Wednesday, February 24, 2010

I say drinking fountain. You say bubbler

While reading a short excerpt of fiction, I stumbled over a phrase. I had no idea what it meant. Was it a bit of teenage slang? Was it a saying spoken only in remote parts of Wisconsin? No idea. Regardless, I was confused, and a writer shouldn't confuse readers.

So where do we draw the line at using bits of dialect?

I grew up in Arizona, and moved to Rhode Island when I was twenty-two. I thought, hey, it can't be all that different. I'm still in the US...Wrong. I can still hear my roommate's guffaws when I told her I was going to Worcester (Wore-sess-ter). New Englanders say (Woo-stuh). It was merely the tip of the language barrier.

I called the main roads freeways. Here they call them highways (because they aren't free). I also called our freeways THE 202, THE 10, THE 101, but in New England it's just 95. I said hella cool, they say wicked cool. Things of this nature are a preference. If I said freeway, people would laugh, but they understood what I meant. And everyone knows a sub, a grinder and a hoagie are all the same thing. (At least I hope so)

Then there are the terms that everyone doesn't know. Do you know what a quahog is? (And it is NOT a city Family Guy fans) It is a large clam found only in this area. And I'll never forget when a woman asked me, "You gotta bubbler?" The way she spoke made it sound like an infectious disease. However, a New England translator informed me a bubbler is a drinking fountain. I am also embarrassed to admit that I thought the package store, or packie, was a place to mail packages and not purchase liquor.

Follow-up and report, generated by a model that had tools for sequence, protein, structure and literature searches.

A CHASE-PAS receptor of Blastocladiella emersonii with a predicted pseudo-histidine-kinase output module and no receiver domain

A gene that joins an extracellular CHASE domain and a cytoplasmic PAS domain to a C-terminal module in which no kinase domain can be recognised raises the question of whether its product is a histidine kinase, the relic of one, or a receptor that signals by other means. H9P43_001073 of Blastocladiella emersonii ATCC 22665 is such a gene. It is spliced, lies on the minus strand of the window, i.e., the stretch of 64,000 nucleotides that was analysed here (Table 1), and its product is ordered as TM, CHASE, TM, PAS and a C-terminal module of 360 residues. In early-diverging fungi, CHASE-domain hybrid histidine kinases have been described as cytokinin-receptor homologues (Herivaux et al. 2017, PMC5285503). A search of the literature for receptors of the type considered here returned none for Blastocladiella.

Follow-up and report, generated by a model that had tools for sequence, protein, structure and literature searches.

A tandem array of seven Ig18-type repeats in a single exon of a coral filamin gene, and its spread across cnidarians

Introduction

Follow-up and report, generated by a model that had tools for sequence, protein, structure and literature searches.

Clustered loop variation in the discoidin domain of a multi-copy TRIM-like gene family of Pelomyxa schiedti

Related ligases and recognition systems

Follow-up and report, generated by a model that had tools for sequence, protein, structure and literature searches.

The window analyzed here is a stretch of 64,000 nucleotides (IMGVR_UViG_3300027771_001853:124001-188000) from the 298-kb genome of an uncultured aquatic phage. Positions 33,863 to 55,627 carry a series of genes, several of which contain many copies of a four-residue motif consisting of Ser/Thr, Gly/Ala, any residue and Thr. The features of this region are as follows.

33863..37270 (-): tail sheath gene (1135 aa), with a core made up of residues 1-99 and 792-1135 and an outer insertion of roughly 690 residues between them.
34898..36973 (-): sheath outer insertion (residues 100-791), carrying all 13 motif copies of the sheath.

In writing, you can make your characters more believable by using some regional dialect. In fact, I wouldn't write about a place without knowing some of the local lingo. If your protagonist is a girl from Arizona driving 202, I wouldn't buy it. It just doesn't sound right without THE. On the other hand, when using obscure terms like "quahog", you need to make sure the meaning is explained in context, otherwise your readers will spend the rest of the book trying to figure out what the hell one is and miss your story.

So what are some of your local terms? Please share and state your location. And if anyone is writing a book set in New England or the Southwest, let me know. I would be happy to help.

2 comments:

jjdebenedictis said...

"Yaw-yeed"

This is basically a dead term. It was used by my grandfather and his generation in a fairly localized region of the Canadian prairies. Being a bit of a word geek, I always thought it was cool to know a piece of slang that had virtually disappeared.

Oh--what does it mean? If you imagine a crate that has weakened at the joints, so that it slumps into the shape of a trapezoid rather than being square, that crate is yaw-yeed.

Rachel Menard said...

JJ. I have to say that is one I have NEVER heard. But it is a good one. I'll definitely use it next time I encounter a lopsided crate. :)